I think our elevator, called a “lift” here, deserves its own post. We knew when we moved here that we would probably live in a tall building and somewhere near the top. And we knew, as Mark had learned during his previous visits, that most of the buildings only have stairs—no lifts. I know what you’re thinking—well, what about people in wheelchairs? And the answer is—I have no idea what they do, probably not live in the city. I mean, this place is not very handicapped-friendly….

As lazy as we are, we thought, “Well, if we have to walk up a bunch of stairs, at least we’ll get some exercise”. One small problem. Guiseppe is a Basset Hound, and Bassets often have back problems. So, while we can walk up 6 flights of 22 stairs each (quick you mathematicians—how many stairs are there in all??)*, Guiseppe cannot. No problem, we thought. We’ll just get some contraption and carry him up. Go ahead, laugh out loud. We know: THAT’S RIDICULOUS!!!

So, when Vesko (our real estate agent of sorts…) told us this flat had a lift, we were thrilled.

Until we saw it.

Ok, until I saw it.

I had imagined a good, old-fashioned silver elevator where the doors open and close on their own and Muzak is piped in for your 10 second ride to the top of the building. But this is what I got:



Is it just me, or is this thing actually a closet that was converted into an elevator?


It holds one person comfortably, 2 people closely, and 3 people who must really love each other. Let’s not discuss what happens when you add a slobbery dog into the mix! The buttons do not light up with the number of your floor. There is no arrow on the outside to tell you if it’s going up or down. There is no need for such fanciness. The lift does not stop until it reaches its destination. That means nobody else gets in at a different floor. You have to wait until the people ahead of you get off and the lift comes back, and THEN it’s your turn.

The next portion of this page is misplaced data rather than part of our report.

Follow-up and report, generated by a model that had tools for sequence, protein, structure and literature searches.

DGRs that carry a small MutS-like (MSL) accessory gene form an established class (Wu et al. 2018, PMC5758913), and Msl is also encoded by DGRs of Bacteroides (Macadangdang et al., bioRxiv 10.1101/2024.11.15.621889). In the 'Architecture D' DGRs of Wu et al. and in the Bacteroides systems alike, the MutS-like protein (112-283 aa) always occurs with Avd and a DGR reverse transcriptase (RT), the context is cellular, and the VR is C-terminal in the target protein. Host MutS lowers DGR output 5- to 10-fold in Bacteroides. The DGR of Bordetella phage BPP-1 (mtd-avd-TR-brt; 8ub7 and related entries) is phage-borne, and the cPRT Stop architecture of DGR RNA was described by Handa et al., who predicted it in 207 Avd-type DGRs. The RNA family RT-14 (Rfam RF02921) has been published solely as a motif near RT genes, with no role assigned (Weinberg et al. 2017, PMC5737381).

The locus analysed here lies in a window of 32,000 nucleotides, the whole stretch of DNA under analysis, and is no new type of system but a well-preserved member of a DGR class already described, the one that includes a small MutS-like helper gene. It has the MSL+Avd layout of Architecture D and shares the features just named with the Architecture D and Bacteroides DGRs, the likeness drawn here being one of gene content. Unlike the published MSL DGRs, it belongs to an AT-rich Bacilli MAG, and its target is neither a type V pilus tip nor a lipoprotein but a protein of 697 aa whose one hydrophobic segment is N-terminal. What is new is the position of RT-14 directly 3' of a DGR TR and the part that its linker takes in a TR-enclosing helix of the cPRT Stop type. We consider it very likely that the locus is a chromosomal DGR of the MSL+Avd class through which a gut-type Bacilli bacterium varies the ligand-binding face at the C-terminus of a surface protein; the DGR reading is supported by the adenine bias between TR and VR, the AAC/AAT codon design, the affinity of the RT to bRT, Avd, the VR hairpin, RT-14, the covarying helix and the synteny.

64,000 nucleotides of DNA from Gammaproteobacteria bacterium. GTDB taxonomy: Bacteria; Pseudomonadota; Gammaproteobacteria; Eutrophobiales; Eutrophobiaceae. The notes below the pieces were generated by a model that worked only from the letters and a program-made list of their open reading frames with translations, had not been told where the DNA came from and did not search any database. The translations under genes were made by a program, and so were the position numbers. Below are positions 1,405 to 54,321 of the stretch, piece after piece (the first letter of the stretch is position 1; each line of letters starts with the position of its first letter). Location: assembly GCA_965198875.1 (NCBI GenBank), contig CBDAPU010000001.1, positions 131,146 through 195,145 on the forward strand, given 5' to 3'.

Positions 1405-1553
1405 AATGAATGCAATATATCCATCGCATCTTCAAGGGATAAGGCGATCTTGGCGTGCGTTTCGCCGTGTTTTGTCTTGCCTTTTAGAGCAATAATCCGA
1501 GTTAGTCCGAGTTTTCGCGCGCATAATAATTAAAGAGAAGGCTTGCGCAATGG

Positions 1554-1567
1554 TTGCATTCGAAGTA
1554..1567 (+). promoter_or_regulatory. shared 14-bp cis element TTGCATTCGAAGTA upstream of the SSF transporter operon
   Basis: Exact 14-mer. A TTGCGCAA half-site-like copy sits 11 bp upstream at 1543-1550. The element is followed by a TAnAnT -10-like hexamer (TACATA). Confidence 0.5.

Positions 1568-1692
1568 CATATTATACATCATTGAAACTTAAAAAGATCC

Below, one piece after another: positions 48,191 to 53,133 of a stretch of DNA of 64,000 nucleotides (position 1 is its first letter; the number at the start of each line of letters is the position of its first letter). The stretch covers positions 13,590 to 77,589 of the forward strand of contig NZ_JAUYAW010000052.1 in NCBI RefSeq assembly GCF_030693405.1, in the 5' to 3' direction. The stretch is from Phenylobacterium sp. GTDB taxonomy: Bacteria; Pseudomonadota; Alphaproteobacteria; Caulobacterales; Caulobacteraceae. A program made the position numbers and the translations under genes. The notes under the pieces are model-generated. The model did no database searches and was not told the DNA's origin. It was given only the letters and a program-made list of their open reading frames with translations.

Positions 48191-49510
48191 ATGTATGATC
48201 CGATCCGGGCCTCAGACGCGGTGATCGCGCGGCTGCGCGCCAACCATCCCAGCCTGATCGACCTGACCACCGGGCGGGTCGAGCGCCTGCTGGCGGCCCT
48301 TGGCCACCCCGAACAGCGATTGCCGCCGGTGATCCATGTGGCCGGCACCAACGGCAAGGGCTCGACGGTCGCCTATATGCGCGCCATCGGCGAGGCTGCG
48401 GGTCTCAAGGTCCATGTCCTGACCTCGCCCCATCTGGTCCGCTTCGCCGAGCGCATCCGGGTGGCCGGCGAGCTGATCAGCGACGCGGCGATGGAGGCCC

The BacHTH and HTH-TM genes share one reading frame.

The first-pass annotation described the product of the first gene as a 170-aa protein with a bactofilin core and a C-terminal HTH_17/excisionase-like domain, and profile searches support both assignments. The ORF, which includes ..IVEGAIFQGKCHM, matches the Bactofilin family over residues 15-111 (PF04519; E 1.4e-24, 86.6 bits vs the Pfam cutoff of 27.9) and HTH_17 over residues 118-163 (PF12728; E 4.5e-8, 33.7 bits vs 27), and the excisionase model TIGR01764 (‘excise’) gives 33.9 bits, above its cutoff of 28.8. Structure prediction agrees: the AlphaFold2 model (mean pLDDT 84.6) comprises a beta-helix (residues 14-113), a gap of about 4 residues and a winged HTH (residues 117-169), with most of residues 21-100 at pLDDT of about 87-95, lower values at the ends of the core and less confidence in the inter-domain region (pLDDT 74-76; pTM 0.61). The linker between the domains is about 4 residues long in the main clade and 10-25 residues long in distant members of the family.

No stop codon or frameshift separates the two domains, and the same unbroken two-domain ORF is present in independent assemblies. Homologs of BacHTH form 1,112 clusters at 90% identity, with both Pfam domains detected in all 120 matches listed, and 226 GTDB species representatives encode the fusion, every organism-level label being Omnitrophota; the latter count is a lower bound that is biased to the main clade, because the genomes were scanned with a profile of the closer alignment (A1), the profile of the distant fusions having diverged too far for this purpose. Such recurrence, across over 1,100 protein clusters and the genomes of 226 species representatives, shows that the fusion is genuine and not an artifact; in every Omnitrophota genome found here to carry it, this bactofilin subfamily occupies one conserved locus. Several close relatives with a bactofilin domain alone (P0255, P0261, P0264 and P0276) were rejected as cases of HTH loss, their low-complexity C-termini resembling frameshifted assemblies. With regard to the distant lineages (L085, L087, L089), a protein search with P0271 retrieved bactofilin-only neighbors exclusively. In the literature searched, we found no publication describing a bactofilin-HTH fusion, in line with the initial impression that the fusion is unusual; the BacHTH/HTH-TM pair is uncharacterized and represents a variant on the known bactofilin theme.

The ride up to our flat takes more than 40 seconds. You see each floor as it goes by. During our first ride, I asked Vesko:

“So…what happens if this lift gets stuck?”
“What do you mean?” he asked me.
“Well, you know, if it stops working while we are inside of it and I have no way to get out and I am trapped? What happens then?” I asked, as I began to hyperventilate. (Meanwhile I heard Mark snickering behind me.)
“Oh, don’t worry, that won’t happen. It is an old, German-made lift and it hasn’t broken down in the two and a half years I’ve been here”, he assures me.

Ummmm…..am I the only one who sees that he DIDN’T ANSWER MY QUESTION.?????I was hoping he would say, “Oh, you just push this button and the police, ambulance, and fire department come running to save you”. But what I got was, “That won’t happen”. So, for the first 3 days, I said a few Hail Marys every time I entered the lift. Then I realized it would be smarter to form an escape plan in advance. I carefully observed how the lift went up and down and came up with this plan:

1. Carry my cell phone at all times.
2. If the lift stops in at a floor, break the small window of the closet door out and use some MacGuyver trick to reach through the window to open the door and/or scream.
3. If the lift stops between floors, part of a closet door will show:
Bust open this part with my Superhuman strength. Then send the hound out to find someone to rescue me, you know, like you see them do on Animal Planet.

There you have it. That’s my plan. But I still say a Hail Mary or two during my 40 second ride!

*Even though I say I live on the 5th floor, actually it is the 6th floor, because the first floor doesn’t count as one, it counts as zero.

**Have you figured out how many stairs there are yet???